As I write the U.K. is in a state of confusion and flux. There have been and are arguments that float terms such as ‘sovereignty’ and ‘taking back control.’ People on all sides have strong views which have sometimes led to violence and even bloodshed on English streets. Emotions flow freely, in a torrent that divides nations, families and tribes.
It was a joy earlier this year for me (Ben) to be commissioned by my church into the ministry of Mission through Business. The local church has the authority and precedent to do this (eg Acts 13), and it was very significant for us as a family to have the church standing as a commitment to pray, encourage and hold us accountable as we move forwards.
In the run-up, the church took time to understand me and the ministry, testing the purposes against the Lord’s will. This went through various cycles, with the leaders, the deaconate and the membership all involved. The process will differ at each church, but one of the key tests remains the same:
What do we look for in a worker sent by the church?
It’s the question many would love a clear answer on.
“How do I know it’s the will of God? How can I become better at discerning His desires and purposes?”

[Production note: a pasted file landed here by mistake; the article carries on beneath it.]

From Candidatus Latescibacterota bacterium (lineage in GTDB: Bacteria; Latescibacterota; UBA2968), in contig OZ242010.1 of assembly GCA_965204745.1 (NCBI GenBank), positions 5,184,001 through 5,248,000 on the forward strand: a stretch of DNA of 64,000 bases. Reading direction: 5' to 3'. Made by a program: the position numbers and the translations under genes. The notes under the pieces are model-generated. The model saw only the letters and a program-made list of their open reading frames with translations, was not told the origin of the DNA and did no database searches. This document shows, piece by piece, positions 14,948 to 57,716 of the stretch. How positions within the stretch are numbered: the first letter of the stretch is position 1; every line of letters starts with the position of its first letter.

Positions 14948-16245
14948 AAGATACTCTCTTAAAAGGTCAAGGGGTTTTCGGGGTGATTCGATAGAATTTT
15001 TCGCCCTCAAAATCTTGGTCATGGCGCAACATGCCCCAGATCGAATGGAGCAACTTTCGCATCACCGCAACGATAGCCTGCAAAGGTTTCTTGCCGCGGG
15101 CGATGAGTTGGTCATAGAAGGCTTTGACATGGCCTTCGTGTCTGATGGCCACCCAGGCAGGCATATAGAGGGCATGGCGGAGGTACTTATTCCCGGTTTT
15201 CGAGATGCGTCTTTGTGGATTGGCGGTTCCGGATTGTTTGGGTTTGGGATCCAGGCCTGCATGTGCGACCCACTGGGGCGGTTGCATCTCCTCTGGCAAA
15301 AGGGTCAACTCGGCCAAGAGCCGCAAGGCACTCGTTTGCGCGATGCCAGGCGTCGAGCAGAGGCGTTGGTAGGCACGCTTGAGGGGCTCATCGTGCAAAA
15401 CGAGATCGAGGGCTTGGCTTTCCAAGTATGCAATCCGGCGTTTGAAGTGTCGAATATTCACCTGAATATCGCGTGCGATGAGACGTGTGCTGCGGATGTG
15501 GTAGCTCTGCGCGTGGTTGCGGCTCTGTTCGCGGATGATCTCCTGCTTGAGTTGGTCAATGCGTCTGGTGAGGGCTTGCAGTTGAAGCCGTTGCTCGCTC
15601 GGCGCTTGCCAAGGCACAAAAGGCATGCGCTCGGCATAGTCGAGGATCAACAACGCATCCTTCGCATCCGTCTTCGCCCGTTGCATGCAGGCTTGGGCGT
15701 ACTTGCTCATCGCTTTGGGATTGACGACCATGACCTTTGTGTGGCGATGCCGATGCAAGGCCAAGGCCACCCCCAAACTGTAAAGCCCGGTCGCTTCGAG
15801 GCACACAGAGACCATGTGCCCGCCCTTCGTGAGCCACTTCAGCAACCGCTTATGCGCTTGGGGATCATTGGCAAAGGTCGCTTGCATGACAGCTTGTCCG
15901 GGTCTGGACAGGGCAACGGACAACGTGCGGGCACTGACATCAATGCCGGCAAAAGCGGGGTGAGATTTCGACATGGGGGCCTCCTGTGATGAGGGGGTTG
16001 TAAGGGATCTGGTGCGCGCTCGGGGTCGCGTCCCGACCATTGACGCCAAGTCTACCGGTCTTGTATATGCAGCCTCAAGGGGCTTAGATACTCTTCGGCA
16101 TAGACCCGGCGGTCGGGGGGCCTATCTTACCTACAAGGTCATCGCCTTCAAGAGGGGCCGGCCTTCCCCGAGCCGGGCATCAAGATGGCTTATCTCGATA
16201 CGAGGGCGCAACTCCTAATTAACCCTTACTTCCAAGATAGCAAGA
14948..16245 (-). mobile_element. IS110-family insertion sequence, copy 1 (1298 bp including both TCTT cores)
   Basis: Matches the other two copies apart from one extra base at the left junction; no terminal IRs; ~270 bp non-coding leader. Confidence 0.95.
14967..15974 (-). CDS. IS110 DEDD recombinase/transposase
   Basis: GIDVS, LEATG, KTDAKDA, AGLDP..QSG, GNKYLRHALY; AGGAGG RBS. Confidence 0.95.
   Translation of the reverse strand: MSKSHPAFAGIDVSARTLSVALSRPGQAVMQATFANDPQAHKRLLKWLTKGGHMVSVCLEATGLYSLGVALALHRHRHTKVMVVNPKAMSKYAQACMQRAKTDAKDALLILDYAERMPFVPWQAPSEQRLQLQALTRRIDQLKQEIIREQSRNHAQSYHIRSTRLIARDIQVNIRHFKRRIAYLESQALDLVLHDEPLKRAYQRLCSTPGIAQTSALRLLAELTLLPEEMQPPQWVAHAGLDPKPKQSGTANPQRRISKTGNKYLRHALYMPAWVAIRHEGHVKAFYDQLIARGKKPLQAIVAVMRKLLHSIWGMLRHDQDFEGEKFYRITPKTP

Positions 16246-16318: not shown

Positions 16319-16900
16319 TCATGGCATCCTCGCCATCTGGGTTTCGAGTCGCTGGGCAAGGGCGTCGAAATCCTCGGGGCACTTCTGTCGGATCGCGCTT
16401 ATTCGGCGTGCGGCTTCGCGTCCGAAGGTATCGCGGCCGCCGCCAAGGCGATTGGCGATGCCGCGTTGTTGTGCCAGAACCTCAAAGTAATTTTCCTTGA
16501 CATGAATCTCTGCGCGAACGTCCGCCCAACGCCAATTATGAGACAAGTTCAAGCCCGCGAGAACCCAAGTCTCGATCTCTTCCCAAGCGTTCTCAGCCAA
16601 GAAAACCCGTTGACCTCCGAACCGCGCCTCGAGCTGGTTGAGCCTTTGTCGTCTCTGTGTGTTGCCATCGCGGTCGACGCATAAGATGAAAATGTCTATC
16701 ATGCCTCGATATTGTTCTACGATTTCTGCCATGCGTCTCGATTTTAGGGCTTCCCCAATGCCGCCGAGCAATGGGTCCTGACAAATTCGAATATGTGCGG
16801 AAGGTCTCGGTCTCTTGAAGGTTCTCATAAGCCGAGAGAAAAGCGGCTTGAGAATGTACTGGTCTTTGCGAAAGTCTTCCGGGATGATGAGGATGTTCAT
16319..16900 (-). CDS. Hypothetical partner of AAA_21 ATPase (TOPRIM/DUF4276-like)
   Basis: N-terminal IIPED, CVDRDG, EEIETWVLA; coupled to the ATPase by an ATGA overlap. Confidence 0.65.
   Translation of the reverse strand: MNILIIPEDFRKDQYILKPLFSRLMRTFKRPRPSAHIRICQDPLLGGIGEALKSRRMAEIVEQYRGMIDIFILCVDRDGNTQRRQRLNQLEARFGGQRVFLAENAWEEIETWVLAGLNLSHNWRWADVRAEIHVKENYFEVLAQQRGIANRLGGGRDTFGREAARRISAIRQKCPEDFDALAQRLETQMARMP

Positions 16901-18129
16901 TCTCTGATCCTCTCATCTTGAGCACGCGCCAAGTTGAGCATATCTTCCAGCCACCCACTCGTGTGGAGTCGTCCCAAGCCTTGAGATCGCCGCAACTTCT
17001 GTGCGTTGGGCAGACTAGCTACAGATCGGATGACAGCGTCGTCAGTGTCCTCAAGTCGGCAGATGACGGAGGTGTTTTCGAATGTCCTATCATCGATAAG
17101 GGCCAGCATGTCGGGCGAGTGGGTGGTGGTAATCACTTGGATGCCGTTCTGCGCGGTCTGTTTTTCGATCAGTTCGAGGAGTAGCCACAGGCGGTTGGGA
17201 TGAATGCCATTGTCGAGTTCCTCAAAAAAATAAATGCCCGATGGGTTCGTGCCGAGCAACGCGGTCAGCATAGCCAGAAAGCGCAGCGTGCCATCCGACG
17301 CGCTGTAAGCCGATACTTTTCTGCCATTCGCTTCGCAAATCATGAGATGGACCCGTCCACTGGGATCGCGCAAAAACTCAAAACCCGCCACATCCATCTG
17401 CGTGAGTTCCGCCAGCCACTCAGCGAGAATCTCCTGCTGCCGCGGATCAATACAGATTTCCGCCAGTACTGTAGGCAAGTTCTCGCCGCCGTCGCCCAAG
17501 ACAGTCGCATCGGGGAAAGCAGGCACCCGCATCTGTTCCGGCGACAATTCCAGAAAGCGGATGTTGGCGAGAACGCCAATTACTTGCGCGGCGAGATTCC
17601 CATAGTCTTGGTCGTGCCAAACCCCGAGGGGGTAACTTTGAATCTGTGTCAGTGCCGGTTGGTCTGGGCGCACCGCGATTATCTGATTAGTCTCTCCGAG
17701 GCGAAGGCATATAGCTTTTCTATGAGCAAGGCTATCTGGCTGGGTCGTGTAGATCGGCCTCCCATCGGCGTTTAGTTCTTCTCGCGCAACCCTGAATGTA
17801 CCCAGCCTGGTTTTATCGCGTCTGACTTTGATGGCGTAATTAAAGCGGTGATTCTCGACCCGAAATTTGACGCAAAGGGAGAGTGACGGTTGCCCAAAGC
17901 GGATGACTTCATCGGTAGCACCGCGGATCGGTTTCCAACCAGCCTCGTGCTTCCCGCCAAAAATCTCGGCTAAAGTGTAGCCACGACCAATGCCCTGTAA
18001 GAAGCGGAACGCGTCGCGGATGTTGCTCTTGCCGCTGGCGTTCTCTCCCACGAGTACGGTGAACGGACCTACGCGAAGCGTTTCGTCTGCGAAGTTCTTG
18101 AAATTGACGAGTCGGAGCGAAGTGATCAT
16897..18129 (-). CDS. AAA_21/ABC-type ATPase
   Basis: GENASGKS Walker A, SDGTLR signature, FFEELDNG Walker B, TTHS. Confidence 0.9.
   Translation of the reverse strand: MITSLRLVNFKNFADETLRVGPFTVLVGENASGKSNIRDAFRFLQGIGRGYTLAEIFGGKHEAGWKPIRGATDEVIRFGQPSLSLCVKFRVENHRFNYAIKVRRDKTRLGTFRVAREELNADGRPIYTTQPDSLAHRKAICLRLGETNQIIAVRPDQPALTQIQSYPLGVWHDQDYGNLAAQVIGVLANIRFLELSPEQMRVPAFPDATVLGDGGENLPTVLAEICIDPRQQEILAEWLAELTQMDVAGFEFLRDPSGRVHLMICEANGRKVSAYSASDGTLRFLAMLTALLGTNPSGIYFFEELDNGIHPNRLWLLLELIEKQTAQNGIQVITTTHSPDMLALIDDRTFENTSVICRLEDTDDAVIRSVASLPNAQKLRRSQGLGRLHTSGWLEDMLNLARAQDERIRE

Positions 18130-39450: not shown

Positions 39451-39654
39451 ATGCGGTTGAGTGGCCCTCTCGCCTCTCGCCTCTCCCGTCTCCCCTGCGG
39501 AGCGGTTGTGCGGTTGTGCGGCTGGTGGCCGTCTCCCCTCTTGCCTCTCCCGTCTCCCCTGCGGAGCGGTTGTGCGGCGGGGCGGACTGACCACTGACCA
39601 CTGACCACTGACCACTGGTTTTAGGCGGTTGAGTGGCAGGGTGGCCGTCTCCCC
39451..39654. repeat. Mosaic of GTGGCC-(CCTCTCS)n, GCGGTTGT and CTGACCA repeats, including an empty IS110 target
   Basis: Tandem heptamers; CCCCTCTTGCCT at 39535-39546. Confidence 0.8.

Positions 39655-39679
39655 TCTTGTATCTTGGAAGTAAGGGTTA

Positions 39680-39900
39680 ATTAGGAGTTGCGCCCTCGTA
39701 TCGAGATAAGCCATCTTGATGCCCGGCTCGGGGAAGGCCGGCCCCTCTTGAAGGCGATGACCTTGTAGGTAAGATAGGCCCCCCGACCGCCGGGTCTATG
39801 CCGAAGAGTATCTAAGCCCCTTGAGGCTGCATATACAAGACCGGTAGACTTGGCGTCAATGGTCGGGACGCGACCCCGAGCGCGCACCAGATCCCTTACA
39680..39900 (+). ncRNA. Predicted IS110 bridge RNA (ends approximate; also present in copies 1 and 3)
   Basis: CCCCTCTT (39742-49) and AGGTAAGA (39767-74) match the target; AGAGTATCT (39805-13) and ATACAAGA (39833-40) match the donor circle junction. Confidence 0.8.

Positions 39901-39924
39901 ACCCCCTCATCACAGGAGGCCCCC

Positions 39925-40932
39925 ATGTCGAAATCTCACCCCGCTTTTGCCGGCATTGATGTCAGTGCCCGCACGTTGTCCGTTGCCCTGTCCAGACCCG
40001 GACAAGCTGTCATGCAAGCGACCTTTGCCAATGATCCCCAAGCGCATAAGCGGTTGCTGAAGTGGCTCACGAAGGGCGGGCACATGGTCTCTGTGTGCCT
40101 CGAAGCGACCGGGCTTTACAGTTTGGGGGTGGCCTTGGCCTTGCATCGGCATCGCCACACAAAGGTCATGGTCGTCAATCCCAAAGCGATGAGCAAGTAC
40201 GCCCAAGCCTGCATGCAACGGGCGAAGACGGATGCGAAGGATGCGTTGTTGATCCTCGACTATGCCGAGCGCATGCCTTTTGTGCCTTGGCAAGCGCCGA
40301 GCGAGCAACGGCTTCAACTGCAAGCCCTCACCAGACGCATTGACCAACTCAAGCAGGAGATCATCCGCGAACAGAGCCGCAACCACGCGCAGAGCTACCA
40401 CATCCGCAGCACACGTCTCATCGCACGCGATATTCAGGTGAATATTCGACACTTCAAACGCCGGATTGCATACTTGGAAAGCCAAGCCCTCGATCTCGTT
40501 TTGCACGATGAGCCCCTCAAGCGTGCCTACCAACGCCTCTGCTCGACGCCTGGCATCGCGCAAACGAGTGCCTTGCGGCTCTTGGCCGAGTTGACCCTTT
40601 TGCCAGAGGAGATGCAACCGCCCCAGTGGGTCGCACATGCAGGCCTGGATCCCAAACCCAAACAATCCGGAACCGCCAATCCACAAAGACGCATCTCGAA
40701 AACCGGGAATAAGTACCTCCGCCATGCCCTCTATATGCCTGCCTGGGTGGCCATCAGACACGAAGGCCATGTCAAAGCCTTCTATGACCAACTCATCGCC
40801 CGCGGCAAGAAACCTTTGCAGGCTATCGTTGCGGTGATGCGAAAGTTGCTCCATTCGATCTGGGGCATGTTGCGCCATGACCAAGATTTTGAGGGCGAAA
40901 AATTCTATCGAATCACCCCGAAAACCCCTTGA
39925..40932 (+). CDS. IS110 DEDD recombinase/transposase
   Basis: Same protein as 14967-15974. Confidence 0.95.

I’ve been reading Mueller’s autobiography recently, reflecting on his dependence on God and desire for God’s glory in everything. There’s a little section in there that’s worth sharing – how to ascertain the will of God.
Missional business (or Business As Mission) has been developing as a concept for mission for centuries, but has seen a reinvigoration in the last twenty years. One of the key questions facing those involved in deciding on missional business is: what type of enterprise is best?
Maybe you’ve started thinking and praying about how you could use the skills and experience God has given you in business or the trades. Maybe you have been convicted that God can use you to cross cultures to where the church isn’t yet present, in the UK or overseas? Perhaps you’re a church planting organisation or mission agency, thinking strategically about how you might cross barriers into a community, building relationships to enable a church to be planted.
So does it matter what type of enterprise is chosen?